David Heinemeier Hansson

May 2, 2022

It's hard to escape being ordinary in a connected world

There's a scene at the beginning of The LEGO Movie where the main character Emmet is faced with the brutal assessment of his bland ordinariness by the people he works with. A few quotes: "Look at Randy here, he likes sausage. That's something. Gail is perky, that's something... I mean, all [Emmet] does is say yes to everything everybody else is doing.. We all have something that makes us something, and Emmet is... nothing". Ouch.

This scene pins the deep fear in most people that the worst you can possibly be is ordinary. Plain. Bland. Not unique. If you don't have something special about you, your friends will barely even notice your existence. Thus making it utterly existential to ensure that you "have something that makes you someone".

That used to be pretty easy. As the LEGO movie goes, all Randy needed to be someone is that "he likes sausage". That might be a caricature of a personality, but not by much. I remember growing up with that being pretty close to what made someone something. They really liked comic books! They were infatuated with frogs! They were really good at soccer. Or Mortal Kombat. Or came from a different country. Just a little something, just anything.

But that was before the internet. When your comparison group was mainly a small group of friends, or maybe your class, or at most your school. It wasn't the whole damn world. It wasn't a single dominance hierarchy, as Jordan Peterson would put it. It was lots of isolated games of social belonging and uniqueness. None of which took that much effort to play to proficiency.

Now, because of the internet, or more specifically, because of social media, you are so easily drawn into comparing yourself and your uniqueness with the whole damn world. And there are just too many people who like comic books. Or frogs. Or are way better at soccer or Mortal Kombat than you. And they're in your face all the time, because the best of everything, the most unique species of every subcategory, bubble to the top. Thus diluting whatever would have made you special in your little group in an instant.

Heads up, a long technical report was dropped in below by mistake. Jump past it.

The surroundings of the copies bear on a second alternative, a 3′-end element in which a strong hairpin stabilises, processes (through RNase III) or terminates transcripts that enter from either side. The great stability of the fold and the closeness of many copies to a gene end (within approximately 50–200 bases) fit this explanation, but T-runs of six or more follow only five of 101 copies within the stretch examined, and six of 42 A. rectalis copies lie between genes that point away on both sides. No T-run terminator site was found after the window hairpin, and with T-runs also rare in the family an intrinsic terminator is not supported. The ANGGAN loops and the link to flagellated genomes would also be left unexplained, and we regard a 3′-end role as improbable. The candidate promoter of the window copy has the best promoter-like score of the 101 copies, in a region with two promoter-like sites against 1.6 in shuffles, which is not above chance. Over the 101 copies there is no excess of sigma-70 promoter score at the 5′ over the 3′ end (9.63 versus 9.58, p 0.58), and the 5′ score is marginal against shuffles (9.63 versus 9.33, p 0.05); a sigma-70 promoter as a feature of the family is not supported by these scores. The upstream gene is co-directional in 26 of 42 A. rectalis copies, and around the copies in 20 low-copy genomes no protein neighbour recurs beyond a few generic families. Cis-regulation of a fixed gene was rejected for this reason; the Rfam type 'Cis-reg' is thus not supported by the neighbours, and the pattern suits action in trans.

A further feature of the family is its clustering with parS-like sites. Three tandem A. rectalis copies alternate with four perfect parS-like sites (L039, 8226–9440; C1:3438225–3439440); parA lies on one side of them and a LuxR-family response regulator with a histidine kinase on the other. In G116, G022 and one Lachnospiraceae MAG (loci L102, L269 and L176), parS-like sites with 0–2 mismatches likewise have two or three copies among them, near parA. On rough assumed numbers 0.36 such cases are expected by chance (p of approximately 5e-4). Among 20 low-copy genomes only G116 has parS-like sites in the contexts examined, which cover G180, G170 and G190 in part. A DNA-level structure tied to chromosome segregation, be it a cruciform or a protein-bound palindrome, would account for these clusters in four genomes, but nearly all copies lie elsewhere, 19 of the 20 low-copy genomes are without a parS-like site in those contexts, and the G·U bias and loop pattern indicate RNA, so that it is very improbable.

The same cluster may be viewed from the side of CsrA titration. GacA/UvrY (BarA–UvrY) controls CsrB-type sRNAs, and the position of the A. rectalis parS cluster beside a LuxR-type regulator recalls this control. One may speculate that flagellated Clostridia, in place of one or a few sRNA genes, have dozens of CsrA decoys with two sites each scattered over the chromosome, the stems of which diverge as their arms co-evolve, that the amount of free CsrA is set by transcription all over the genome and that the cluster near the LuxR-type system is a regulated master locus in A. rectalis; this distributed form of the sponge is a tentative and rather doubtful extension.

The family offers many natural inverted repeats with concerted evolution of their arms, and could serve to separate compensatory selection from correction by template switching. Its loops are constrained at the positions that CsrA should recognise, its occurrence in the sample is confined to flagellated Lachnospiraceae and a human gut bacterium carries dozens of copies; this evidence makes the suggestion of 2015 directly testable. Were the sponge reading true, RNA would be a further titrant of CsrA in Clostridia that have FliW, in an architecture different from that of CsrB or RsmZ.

I think this global competition for uniqueness is partly to blame for the syndrome that Freddie deBoer describes in "Mental illness doesn’t make you special". That one way to stand out as unique is to embrace and accentuate every quirk of personality, every sliver of peculiarity with a diagnosis that can form an integral part of one's personal branding. I don't just like frogs, I'm obsessed with them. Is there are diagnosis that fits this that I can apply as a sticker to my life, which will render me just that little bit extra unique?

Clearly this is not all there is to it. And plenty of people are finding help or solace in describing or labeling aspects of their inner being. I found Mark Dominus' critique of deBoer's piece, and the comparison with Pippi Longstocking's freckles, compelling. But it didn't invalidate the insight deBoer is positing: That getting a diagnosis appears to have almost become a badge of honor and uniqueness in certain circles.

There's a sense of irony in the fact that where the social ideal used to be that above all you wanted to be "normal" – but with a dash of quirkiness to just stand out a little! – it now often appears that in some of the social games being played it is about being as "weird" as possible. As afflicted as possible. As oppressed as possible.

This connects to the new scoreboard of intersectionality. You think you have it bad? Ha. You're only suffering from two axis of oppression! I have three (or four or five!)! And together these strains, together with that diagnosis, is what make me extra special and worthy of attention.

We're a mimetic species. We notice, we copy. In a global competition for uniqueness, there's a constant game of one-upmanship running to find the next facet to highlight why we're actually special.

The charge against Instagram used to be that it presented these unrealistic highlight reels of achievement and happiness. A bar that nobody could actually meet. That critique was and is accurate. But maybe searching for uniqueness in the stratosphere of accomplishment was still superior to searching for it in an identity of oppression or diagnosis.

That's an awful choice, though. We need to find a way back to isolated circles of uniqueness. Where someone can be something by being a slight variation on an ordinary template, one replicated a million times over around the world, but never forced into direct competition.

Because if we can't find a way to make being mostly ordinary okay, we're condemned to search for that "something" in ever more pathological places. I don't think we want to see what the third, fourth, or fifth generation of such an adaptive evolution looks like.

Then again, it isn't clear how we turn the ship around. Maybe it's simply bound to get worse for a while. Happy Monday!